Adsorption characteristics analysis of CO2 and N2 in 13X zeolites by molecular simulation and N2 adsorption experiment
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The adsorption characteristics of CO2 and N2 in 13X zeolites have been studied by the molecular simulation and N2 adsorption experiment. It is found that the simulation results by Dreiding force fields are in an agreement with the published data. The influence of the σ and ε parameters of OZ and Na+ on the adsorption performance is discussed. Then the optimized force field parameters are obtained. Specific surface area (S B ) is calculated by simulation and experiment. Its relative error is just only 4.3 %. Therefore, it is feasible that S B of 13X zeolites is obtained by the simulation methods. Finally, the impacts of pressure and temperature on adsorption characteristics are investigated. At low pressure, CO2 adsorption in 13X zeolites belongs to the surface adsorption. As the pressure increase, the partial multilayer adsorption appears along with the surface adsorption. N2 adsorption in 13X zeolites is different from that of CO2. At low temperature of 77 K, two primary peaks are caused by the surface adsorption and multilayer adsorption respectively regardless of pressure variation. When the temperature is 273 K, the energy distribution curve appears undulate at low pressures. Then it becomes stable with the pressure increase. The surface adsorption plays an important role at the relative high pressures. The results will help to provide the theory guide for the optimization of force field parameters of adsorbents, and it is very important significance to understand the adsorption performance of zeolites.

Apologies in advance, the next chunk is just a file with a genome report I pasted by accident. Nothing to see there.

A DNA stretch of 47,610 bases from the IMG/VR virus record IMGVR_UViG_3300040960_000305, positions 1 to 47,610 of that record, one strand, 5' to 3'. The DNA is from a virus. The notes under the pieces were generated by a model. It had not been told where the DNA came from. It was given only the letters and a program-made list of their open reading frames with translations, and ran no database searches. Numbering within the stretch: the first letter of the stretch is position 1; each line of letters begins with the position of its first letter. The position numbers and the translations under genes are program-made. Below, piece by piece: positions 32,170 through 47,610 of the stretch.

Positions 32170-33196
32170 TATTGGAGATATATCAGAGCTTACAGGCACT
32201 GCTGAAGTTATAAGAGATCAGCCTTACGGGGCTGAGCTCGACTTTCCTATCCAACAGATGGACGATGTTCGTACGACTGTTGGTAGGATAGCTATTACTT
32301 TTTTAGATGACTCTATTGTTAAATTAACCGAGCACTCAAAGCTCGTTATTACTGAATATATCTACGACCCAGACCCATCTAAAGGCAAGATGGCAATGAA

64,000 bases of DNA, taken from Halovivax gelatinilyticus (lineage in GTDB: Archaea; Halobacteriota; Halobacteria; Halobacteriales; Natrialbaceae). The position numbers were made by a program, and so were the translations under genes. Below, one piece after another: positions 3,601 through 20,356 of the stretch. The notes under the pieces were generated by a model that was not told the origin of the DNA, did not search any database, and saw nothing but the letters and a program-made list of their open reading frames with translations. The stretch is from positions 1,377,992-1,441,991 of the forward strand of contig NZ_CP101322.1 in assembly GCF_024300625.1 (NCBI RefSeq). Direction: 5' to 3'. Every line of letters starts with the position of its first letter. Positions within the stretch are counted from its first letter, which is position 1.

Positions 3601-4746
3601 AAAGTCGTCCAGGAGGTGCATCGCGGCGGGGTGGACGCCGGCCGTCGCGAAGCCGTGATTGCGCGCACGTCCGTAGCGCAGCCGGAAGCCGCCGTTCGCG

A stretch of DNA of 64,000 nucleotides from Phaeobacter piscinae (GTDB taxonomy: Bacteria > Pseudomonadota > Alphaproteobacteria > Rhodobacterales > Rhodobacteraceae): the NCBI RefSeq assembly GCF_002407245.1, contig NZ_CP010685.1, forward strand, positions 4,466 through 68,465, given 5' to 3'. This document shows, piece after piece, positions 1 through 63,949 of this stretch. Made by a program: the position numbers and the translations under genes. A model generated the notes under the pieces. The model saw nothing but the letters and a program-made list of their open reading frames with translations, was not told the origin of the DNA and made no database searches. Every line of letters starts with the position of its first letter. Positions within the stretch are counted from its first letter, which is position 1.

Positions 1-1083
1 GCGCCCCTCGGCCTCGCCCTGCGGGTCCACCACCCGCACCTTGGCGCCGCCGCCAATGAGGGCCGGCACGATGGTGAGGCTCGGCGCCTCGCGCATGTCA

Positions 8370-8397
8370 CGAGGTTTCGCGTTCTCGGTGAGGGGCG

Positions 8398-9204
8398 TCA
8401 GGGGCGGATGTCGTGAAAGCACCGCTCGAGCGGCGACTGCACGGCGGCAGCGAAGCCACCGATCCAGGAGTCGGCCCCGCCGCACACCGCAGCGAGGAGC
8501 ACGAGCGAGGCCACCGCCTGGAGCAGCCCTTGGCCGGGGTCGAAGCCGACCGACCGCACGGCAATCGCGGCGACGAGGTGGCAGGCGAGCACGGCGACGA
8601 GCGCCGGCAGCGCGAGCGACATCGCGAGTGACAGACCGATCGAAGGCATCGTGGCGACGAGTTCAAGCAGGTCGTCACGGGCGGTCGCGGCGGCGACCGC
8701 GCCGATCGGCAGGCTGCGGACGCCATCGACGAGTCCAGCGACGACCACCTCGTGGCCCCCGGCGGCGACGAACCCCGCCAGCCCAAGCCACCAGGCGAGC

KeywordsAdsorption characteristics 13X zeolites Molecular simulation Specific surface area Energy distribution curves
The authors gratefully acknowledge the financial support of National Natural Science Foundation of China under Grant 51306210 and Grant 51304233, of “Hong Kong Scholar Program”(XJ2013042), the Special Funds of the Basic Research Funds of the Key University in China (14CX02103A).
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